Featuring fresh takes and real-time analysis from HuffPost's signature lineup of contributors
Brendan O'Neill

GET UPDATES FROM Brendan O'Neill
 

It Is Wrong to Say 'Sex Without Consent is Rape'

Posted: 29/08/2012 00:00

"Sex without consent is rape." Those words, or an approximation of them, were uttered by just about every feminist commentator over the past week.

In response to George Galloway's creepy defence of Julian Assange's alleged behaviour in Sweden - which was just "bad sexual etiquette", not rape, said Galloway - female writers and politicians have been on a mission to remind us that actually all non-consensual sex is rape.

In the words of Salma Yaqoob of Galloway's Respect party, "rape occurs when a woman has not consented to sex". Or in the widely reported phrasing of a spokesperson for Rape Crisis, "Sex without consent is rape".

This sounds correct. It seems simple yet right to assert that if a woman has not consented to sex, then rape has occurred.

But it is wrong. More than that, the idea that all "non-consensual sex is rape", as Galloway himself has now said in his clarification of his defence of Assange, represents a dangerous rewriting of what rape really means.

Feminists always focus on the state of mind of the woman or women involved in an alleged rape and disregard the state of mind of the man.

This is a terrible error, because in order for rape to have occurred, it is not enough to prove that the woman did not consent; we must also surely prove that the man knows she did not consent, or was utterly reckless as to the question of her consent, and carried on regardless.

That is, rape must involve an intention on the part of the man to commit rape. The man must have a guilty mind - or what is referred to in law as mens rea - in the sense that he knows he is committing rape. In leaving out this key component of rape, feminists are not only undermining the meaning and gravity of this crime - they are also displaying a cavalier disregard for some of the key democratic principles of the modern legal system.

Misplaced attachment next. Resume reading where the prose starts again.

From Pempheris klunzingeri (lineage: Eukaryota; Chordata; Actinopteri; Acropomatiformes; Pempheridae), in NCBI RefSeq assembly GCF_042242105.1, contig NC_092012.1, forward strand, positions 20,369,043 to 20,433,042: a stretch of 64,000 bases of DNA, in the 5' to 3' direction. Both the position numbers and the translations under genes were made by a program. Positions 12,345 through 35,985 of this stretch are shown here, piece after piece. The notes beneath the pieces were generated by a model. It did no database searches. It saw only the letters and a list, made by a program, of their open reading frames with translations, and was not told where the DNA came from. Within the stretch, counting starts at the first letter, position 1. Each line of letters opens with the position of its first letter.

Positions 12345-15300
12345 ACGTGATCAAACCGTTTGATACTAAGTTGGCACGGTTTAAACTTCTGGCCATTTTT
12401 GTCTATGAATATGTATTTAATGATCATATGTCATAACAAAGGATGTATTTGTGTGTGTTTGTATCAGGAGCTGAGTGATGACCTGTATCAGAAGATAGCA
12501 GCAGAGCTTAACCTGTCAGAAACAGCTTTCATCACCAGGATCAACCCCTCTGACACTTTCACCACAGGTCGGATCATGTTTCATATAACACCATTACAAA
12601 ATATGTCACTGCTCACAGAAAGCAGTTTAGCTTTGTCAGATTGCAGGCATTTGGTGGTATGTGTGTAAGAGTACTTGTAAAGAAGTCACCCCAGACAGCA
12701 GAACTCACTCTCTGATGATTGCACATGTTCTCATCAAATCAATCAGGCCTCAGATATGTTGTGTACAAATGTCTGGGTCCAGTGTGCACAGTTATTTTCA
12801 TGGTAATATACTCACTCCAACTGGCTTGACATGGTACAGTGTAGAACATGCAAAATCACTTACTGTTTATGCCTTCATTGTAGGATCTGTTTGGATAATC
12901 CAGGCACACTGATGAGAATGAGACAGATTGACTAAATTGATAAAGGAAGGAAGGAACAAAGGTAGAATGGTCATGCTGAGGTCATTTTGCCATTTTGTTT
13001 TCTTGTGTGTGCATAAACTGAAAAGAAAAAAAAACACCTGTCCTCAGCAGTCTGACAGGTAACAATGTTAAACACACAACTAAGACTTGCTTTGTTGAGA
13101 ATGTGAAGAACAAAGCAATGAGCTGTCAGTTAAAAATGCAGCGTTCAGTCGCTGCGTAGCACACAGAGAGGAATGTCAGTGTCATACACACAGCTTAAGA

Listening to feminists, one could be forgiven for thinking that there are only two components to rape: first, an act of sex, and second, a lack of consent on the part of the woman involved in that act of sex. So, "sex without consent is rape". But in truth, there are three components to rape: those two things plus criminal intent on the part of the man.

The Sexual Offences Act 2003 lists these three components. It says the crime of rape occurs when there is an intentional sex act, when the alleged victim has not consented, and when the alleged perpetrator "does not reasonably believe" that there is consent.

In other words, the man must know that there is no consent. He must not believe that consent is present, and therefore must know that it is absent. His state of mind - which must be a criminal one in order for a crime to have occurred - is as important as the woman's.

The precedent-setting case DPP vs Morgan, a long-running rape case of the 1970s, makes it even clearer that there must be criminal intent in rape. As Lord Hailsham put it in the Lords' ruling in that case, "Either the prosecution proves that the accused had the requisite intent, or it does not". That is, as with all serious crimes, it is not enough for there to be a guilty act (actus reus) - there must also be a guilty mind (mens rea).

So it is quite wrong to say "sex without consent is rape". It is more accurate to say that "sex pursued in defiance of a lack of consent is rape". That is more of a mouthful, I know, and it sounds quite complicated in comparison to the phrasing preferred by feminists. But crime is a complicated thing; it is rarely the simple, black-and-white morality tale that some feminists would have us believe.

There is something deeply problematic in feminists' undermining of criminal intent in relation to rape. Because what it means is that stupid men, drunken men, thoughtless men and idiotic men who engage in ill-advised or regretted acts of sex are now increasingly lumped together with actual criminal men under the heading "rapists". Having a daft mind is now just as likely to see you branded a rapist by feminists as having a guilty mind.

In essence, we are witnessing the redefinition of rape to mean effectively "bad sexual experiences". The subtle, inexorable downplaying of the idea of criminal intent in rape means that all kinds of horrible or just foolish sexual encounters can be rebranded as rape, even if the intention to commit this heinous crime is lacking.

But criminal intent should remain a key part of the law and a key part of public debate about the law, especially in relation to serious crimes like rape that are punishable by long prison sentences. Why? Because a civilised society should only brand as criminals those who set out to or intend to commit a crime. A civilised society should only punish those who are morally and mentally responsible for their criminal acts. Feminists who are subtly rewriting the meaning of rape are taking us away from this civilised approach and towards something more backward, even feudalistic: the criminal punishment of people who do not have criminal minds.

 
FOLLOW UK LIFESTYLE